The Doñana National Park in Spain is an absolute gem that we have been working to safeguard throughout our 60-year history. A vital stopping point for many thousands of migratory birds from Europe and Africa, and a home for many species including the endangered Iberian lynx, it’s no surprise that the park was declared a UN natural World Heritage site almost 30 years ago. However, things haven’t always gone smoothly for this iconic wilderness, and WWF and other friends of the park have had to intervene when threats arise.
The unsustainable extraction of water for strawberry cultivation is one such threat. In the last 20 years, WWF-Spain has uncovered more than 1,000 illegal wells and over 3,000 hectares of illegal crops in the park. And now our complaint to the EU Commission has led to the EU Court of Justice ruling that the Spanish government has broken EU law by allowing “excessive extractions of groundwater”. This is brilliant news but we are now calling for urgent follow-up action to close all illegal farms.
A lot of our news is about encouraging leaders to take urgent action. But, sometimes, the responsibility falls directly on us, as Maida Bilal’s story in Bosnia and Herzegovina shows. Maida, who has just been awarded the Goldman Environmental Prize, led a group of women who successfully challenged the construction of two hydropower plants on the Kruščica River in 2017 with the support of WWF-Adria and others. For 500 days and nights, they physically prevented construction from starting. Hydro plants like this lead to devastating impacts on both people and nature – everything from blocking fish migration routes to trapping sediments that would otherwise protect riverbanks against floods. Unfortunately, Maida’s well-deserved award comes at a time when thousands of harmful and unnecessary hydro plants are still being planned in the Balkans. But we will continue working with communities and partners to safeguard some of Europe’s last free-flowing rivers.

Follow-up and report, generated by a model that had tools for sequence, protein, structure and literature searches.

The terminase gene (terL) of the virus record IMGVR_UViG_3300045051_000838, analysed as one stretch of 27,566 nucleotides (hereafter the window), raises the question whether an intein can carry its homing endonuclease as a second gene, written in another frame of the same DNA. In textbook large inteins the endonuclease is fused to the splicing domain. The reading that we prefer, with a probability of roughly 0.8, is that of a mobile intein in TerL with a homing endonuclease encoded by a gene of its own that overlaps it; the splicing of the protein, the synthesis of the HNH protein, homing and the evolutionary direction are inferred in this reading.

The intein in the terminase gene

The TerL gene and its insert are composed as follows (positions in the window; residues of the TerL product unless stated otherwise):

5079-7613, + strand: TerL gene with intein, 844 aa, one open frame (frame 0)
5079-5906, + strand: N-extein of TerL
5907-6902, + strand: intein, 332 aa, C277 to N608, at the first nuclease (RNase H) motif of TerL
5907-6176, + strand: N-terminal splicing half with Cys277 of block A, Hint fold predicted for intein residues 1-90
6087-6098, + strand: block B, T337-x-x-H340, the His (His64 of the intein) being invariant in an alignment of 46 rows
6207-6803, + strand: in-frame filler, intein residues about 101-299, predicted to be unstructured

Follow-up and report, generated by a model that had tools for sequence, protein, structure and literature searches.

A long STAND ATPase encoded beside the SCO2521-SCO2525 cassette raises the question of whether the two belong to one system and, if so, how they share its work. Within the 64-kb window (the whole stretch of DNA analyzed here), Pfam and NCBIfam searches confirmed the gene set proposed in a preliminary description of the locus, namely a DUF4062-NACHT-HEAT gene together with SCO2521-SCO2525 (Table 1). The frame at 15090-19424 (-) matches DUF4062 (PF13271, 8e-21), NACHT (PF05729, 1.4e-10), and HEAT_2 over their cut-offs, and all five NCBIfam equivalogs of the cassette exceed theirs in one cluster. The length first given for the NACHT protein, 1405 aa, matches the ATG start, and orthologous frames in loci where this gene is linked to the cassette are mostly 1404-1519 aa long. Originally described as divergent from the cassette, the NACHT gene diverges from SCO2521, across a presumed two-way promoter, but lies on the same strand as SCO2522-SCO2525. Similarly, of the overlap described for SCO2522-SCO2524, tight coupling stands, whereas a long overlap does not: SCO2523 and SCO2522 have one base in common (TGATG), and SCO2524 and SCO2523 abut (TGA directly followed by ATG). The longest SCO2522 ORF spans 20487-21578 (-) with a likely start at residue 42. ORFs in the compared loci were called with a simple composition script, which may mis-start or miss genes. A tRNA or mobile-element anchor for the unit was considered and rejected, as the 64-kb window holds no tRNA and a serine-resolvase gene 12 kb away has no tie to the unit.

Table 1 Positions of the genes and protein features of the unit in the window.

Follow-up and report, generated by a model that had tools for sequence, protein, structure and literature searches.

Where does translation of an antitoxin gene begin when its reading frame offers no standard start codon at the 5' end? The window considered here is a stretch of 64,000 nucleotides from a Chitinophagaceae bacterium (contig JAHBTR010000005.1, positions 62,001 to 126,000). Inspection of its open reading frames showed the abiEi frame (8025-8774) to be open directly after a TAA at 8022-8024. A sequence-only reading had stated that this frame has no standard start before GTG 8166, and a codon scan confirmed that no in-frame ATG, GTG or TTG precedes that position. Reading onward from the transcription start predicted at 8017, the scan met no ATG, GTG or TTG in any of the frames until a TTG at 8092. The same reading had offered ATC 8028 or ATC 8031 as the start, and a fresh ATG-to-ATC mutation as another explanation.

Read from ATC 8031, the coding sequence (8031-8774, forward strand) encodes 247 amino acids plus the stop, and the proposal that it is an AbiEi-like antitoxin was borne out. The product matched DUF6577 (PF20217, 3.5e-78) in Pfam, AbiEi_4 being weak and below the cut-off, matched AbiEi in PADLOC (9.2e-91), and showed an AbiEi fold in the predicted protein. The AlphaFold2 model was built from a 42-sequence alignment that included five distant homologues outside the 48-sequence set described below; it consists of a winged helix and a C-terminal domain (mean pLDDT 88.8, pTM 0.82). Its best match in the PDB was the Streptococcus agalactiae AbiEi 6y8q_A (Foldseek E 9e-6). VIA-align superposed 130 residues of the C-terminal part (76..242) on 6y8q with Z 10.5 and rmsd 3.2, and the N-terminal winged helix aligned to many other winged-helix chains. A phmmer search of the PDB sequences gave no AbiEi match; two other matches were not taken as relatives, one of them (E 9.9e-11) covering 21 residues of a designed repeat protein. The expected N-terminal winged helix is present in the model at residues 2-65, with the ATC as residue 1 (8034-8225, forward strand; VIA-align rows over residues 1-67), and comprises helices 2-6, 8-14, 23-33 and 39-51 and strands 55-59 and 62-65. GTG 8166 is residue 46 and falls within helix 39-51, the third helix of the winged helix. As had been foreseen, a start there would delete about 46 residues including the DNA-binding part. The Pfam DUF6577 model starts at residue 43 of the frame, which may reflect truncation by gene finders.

Here’s some exciting news from South America! WWF-Colombia has helped organize the first ever census of the Andean condor, providing vital data about the country’s national symbol as well as showing the value of teamwork in all our conservation efforts. With the species facing an uncertain future due to threats such as habitat loss and hunting, we were desperate to learn as much as possible about the largest flying bird in the world. So we worked alongside other organizations to support over 200 amazing volunteers who simultaneously took observations from 84 points around the country. At least 63 condors were recorded, which indicates that their numbers are lower than previously thought. So the teamwork doesn’t stop there. We must keep taking coordinated action with other friends of the condor to safeguard the future of the species.